In a little over an hour we approach Marseilles and have a short delay at but continue on with no problems. Starved Rock Lock and Dam is next in line and is13 miles away. When we are about a mile out we call on the radio and the lockmaster informs us he is filling the lock and we will be able to enter in a few minutes. While waiting I snap a few shots of Starved Rock which is probably the most scenic state park in Illinois.
The park is best known for its unusual rock formations and the story of its name which it derives from a Native American Legend of injustice and retribution.
In the 1760s, Pontiac, chief of the Ottawa tribe upriver from Starved Rock, was slain by an Illiniwek while attending a tribal council in Southern Illinois. During one of the battles that subsequently occurred to avenge the death of Chief Pontiac, a band of Illiniwek was attacked by a band of Potawatomi (allies of the Ottawa). The Illiniwek sought refuge atop a 125-foot sandstone butte. The Potawatomi surrounded the bluff and held their ground until the hapless Illiniwek died of starvation - thus giving rise to the name "Starved Rock."
Today it is one of the most visited parks in Illinois. During the early spring, winter thaw and frequent rains create sparkling waterfalls in all 18 canyons. The vertical walls of moss-covered stone create a setting of natural geologic beauty uncommon in Illinois. A really nice place to visit.
The next lock is near Peoria at the 157 mile marker so we now have a 74 mile run of river. At the 179 marker the river widens and forms Peoria Lake which is the largest body of water along our route. The lake is quite shallow if you venture off the channel so caution is recommended. It is well marked though and following the channel is no problem. On windy days the lake can get rough and today the wind has now increased to about 10 mph. I slow Therapy to about 20 mph and add a healthy amount of trim tabs to smooth out the ride somewhat. Still it is choppy and Aldi abandons me and moves aft sitting in a lawn chair where the ride is much smoother.
As we approach Peoria I swing in to the Detweiller Marina at the 164 mile marker where we top off the tanks again. Gas here is $1.75 per gallon and we add 25 gallon.
From there we travel another mile up to the Peoria Transient Marina. No services are available but public slips provide access to the downtown area. There is a 3 hour tie up limit and a charge of $1.00 per hour. There is a machine on the dock that accepts dollar bills and allows you to enter the amount of time you will spend. It then prints a receipt showing your departure time.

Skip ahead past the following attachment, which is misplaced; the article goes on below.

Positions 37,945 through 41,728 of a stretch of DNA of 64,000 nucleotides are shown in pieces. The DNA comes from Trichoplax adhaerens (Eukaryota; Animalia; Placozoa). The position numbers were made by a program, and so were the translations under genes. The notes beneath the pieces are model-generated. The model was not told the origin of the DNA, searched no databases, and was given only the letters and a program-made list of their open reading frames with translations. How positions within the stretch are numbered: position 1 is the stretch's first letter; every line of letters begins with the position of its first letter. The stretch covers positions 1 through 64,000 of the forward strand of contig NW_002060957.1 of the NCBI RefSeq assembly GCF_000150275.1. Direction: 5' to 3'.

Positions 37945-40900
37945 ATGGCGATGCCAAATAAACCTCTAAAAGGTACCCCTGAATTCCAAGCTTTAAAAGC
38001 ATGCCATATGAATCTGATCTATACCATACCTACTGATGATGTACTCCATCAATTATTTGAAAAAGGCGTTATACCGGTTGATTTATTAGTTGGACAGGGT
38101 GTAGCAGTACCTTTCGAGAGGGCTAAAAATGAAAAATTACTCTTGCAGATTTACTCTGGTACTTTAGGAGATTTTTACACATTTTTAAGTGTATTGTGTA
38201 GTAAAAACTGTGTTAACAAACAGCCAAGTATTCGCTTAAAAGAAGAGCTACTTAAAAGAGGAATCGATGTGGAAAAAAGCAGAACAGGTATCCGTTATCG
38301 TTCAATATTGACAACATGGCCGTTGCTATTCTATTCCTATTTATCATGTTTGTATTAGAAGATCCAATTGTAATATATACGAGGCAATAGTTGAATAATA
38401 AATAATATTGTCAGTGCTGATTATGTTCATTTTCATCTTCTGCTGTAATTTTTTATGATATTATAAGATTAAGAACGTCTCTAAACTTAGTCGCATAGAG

Right on the riverfront just a hundred feet or so from the slips is a Joe’s Crab Shack and a Damon’s steakhouse. It is about 5 PM and we are ready to eat. We decide on seafood at Joe’s and each order the Fisherman’s Platter. It is a nice meal at a reasonable price and once again sure beats ham sandwiches.
With several hours of daylight remaining we continue on downstream to the Peoria Lock & Dam at the 157 mile marker. We are able to immediately enter the lock and drop about 11 feet while talking to the lockmaster.
We once again are on our way and we run until dusk. We find ourselves near Havana, IL and the 121 mile marker and decide to duck in behind Quiver Island and drop anchor for the night. Once situated I begin to notice the effects of being on the water for two full days without a shower. I have this burning desire to get cleaned up a little. Usually at this point I just get in the river with a bar of soap and do the best I can. But I have to say on this trip neither one of us has been anxious to get in the water. We are afraid that we would be dirtier when we got out. But at this point I think I am ready.
I am standing on the bow pondering the situation and then tell Aldi, “ I can’t take it anymore and I’m getting in.” “Really,” he replied. “Maybe you should take a look over there,” pointing to the port side. There in the water it was – yes, another darn condom! I couldn’t believe it. Well, needless to say I suddenly felt much cleaner and decided that a bath in the river really wasn’t necessary.
At this point I must add that I have been on the Illinois River four
or five times previously and never before had I seen this type of stuff
or thought the water was any dirtier than any other river. In fact,
it usually looks much better than the Mississippi.